This whole adventure here – at least so far – has been sentimental. Washington makes me think about San Francisco in the most bizarre ways: the walk I used to take from McSweeney’s, up Valencia, across twenty-second, and how warm the sun always felt there, how close it seemed to be to my skin, how, in the Mission, it’d fight the fog with everything it had (and win). I walk here, too. Far further than I did in San Francisco. A mile and a half to the Library, a mile and a half home. I can do it without a map now. I know the name of the crossing guard that stands outside the elementary school on Tennessee Street, and he knows mine. I pass a bookstore on East Capitol on my way to – and on my way back from – work, that is never open when I walk by. I pass people who know each other, who walk their dogs together, who relax – they really do – beneath the trees in Lincoln Park, business attire on, their dress shoes at their sides. There are corner markets, and there are flowers, and there are bricks broken apart by the roots of trees that were planted long before the sidewalks were laid down.
And the Library: I am sentimental about the noises the elevator makes as it passes each floor (it sounds like a telephone ringing), about the dark green of the Science Reading Room in the Adams building; about the four doors it takes to enter the bathroom. The silliest things. The tunnels beneath the buildings, which are real. The people who know each other there, who stop and chat and hug. About the book trucks, all marked with different acronyms. Some of the Library’s hallways seem abnormally small, like I should keep my head down as I walk around. (Some of them seem huge.) I’ve eaten my lunch, alone, in the cafeteria every day this week. From the windows of the cafeteria, you can see the city. I split my time between looking out the window, and people watching. Because everyone here is more interesting than I am: the way they carry themselves, the way they interact with their peers, the things they read while they’re alone. It’s all great.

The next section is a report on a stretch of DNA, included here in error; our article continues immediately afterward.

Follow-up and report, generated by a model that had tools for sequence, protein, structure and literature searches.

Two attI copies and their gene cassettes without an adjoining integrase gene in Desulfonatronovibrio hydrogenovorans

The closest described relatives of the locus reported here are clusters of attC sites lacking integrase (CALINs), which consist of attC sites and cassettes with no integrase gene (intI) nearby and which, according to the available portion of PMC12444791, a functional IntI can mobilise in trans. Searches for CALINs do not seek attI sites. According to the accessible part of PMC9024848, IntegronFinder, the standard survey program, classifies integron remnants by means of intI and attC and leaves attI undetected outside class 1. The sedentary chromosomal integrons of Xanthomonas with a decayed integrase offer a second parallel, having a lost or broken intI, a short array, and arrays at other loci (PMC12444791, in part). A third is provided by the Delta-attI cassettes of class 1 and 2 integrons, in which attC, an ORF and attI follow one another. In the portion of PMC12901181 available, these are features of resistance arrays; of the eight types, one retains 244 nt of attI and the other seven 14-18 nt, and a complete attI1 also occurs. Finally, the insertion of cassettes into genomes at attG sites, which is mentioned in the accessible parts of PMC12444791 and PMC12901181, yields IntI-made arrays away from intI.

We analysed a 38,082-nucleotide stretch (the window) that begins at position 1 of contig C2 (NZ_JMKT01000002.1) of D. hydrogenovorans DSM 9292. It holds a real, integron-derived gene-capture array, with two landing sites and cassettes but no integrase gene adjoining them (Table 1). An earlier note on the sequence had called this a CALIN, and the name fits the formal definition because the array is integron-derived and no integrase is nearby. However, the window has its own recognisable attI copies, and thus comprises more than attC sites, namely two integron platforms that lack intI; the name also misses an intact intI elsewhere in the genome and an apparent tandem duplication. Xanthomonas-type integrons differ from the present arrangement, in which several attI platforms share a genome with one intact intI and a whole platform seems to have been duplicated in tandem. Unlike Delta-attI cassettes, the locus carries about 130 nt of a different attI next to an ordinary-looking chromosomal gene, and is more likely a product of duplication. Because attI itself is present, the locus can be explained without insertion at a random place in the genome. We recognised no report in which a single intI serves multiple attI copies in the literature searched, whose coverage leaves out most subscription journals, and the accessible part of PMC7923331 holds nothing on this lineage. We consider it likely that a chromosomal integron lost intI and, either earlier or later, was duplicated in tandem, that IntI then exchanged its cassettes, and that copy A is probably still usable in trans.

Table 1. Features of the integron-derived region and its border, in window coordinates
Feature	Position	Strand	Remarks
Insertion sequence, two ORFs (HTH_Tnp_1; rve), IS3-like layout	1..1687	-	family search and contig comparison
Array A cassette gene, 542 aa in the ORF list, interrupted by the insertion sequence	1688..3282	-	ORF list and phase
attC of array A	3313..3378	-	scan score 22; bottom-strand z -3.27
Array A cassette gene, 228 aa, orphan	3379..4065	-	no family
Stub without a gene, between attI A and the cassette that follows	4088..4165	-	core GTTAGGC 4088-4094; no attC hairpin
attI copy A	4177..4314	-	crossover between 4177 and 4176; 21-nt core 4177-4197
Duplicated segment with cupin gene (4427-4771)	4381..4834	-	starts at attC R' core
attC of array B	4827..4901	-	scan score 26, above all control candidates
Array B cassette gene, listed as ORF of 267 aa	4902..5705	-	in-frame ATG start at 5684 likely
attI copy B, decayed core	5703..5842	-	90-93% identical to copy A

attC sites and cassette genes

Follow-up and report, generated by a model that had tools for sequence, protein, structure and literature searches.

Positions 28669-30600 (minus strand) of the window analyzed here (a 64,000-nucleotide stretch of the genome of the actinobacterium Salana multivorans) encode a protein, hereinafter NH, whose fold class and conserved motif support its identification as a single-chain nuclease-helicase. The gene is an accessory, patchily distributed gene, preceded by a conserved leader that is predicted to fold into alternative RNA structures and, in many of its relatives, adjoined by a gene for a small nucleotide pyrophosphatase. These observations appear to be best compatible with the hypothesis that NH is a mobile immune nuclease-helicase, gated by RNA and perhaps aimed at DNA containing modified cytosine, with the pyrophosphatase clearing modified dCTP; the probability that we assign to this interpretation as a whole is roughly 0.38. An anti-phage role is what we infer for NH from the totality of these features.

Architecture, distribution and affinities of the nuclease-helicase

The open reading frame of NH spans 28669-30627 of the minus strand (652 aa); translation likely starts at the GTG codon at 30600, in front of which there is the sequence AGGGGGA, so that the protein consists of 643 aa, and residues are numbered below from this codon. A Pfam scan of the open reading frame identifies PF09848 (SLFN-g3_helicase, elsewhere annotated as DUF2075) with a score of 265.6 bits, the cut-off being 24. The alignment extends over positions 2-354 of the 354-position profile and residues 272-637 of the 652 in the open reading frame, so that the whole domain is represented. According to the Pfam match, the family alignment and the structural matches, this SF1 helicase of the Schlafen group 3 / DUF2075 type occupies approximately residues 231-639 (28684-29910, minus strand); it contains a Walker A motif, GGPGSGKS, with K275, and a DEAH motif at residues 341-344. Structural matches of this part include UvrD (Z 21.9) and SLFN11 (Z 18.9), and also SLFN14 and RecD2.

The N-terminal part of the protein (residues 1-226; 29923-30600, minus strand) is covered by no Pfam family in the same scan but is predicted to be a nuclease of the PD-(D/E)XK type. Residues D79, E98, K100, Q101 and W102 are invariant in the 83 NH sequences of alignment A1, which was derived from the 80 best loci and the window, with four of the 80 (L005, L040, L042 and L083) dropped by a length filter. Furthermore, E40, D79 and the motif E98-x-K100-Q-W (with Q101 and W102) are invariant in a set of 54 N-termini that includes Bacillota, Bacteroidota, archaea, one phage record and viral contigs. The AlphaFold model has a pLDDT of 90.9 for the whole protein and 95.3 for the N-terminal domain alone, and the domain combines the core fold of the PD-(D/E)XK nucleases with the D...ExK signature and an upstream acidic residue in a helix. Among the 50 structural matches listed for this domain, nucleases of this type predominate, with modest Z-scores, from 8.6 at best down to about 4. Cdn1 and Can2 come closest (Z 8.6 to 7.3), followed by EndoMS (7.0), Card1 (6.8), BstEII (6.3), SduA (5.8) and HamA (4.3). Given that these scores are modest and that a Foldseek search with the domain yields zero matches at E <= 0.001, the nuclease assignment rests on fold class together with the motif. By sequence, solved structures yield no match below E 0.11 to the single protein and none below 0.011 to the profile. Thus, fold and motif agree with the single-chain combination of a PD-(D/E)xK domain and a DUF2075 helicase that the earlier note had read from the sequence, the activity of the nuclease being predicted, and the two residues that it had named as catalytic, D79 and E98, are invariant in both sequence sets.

People keep asking me about the Library: What are you doing? and Are you having fun? and What is Web archiving? (Your answers, which I do owe you: looking at data in spreadsheets, going to meetings, thinking about permission and access and the legality of what it is that we’re doing; Yes, so much fun; and I’ll let you know in six weeks. Maybe.)
I want this to be a sentimental experience, I’ve decided. (Scoff, scoff, scoff.) I do. I’m exhausted at the end of every day – partly because I’m not used to walking three miles a day in dress shoes, I think – and it feels good. And I think of nothing else other than what’s in front of me because all of this is brand new. When I walk down East Capitol in the mornings I think, Holy shit, I’ve never done this before. And when I visit the grocery store here I think, Holy shit, I’ve never done this before. And when I get lost in the tunnels at the Library I think, Holy shit, I’ve never done this before (and Holy shit, I don’t think I’m allowed to be in this room), and when I listen to people like Nathan talk, and when I listen to conversations – actual, real conversations – about Web archiving, and when I face the city from the fifth floor of the Adams building, and when I buy a key chain from the National Archives, and when I sit beneath a tree, alone, at Lincoln Park, and when I buy twenty dollars worth of junk food at the corner store, and when I go a mile in the opposite direction of my house on my way home, and when I eat crab cakes at a dive bar that reminds me of Wisconsin, I think Holy shit, I’ve never done this before.
And it’s great.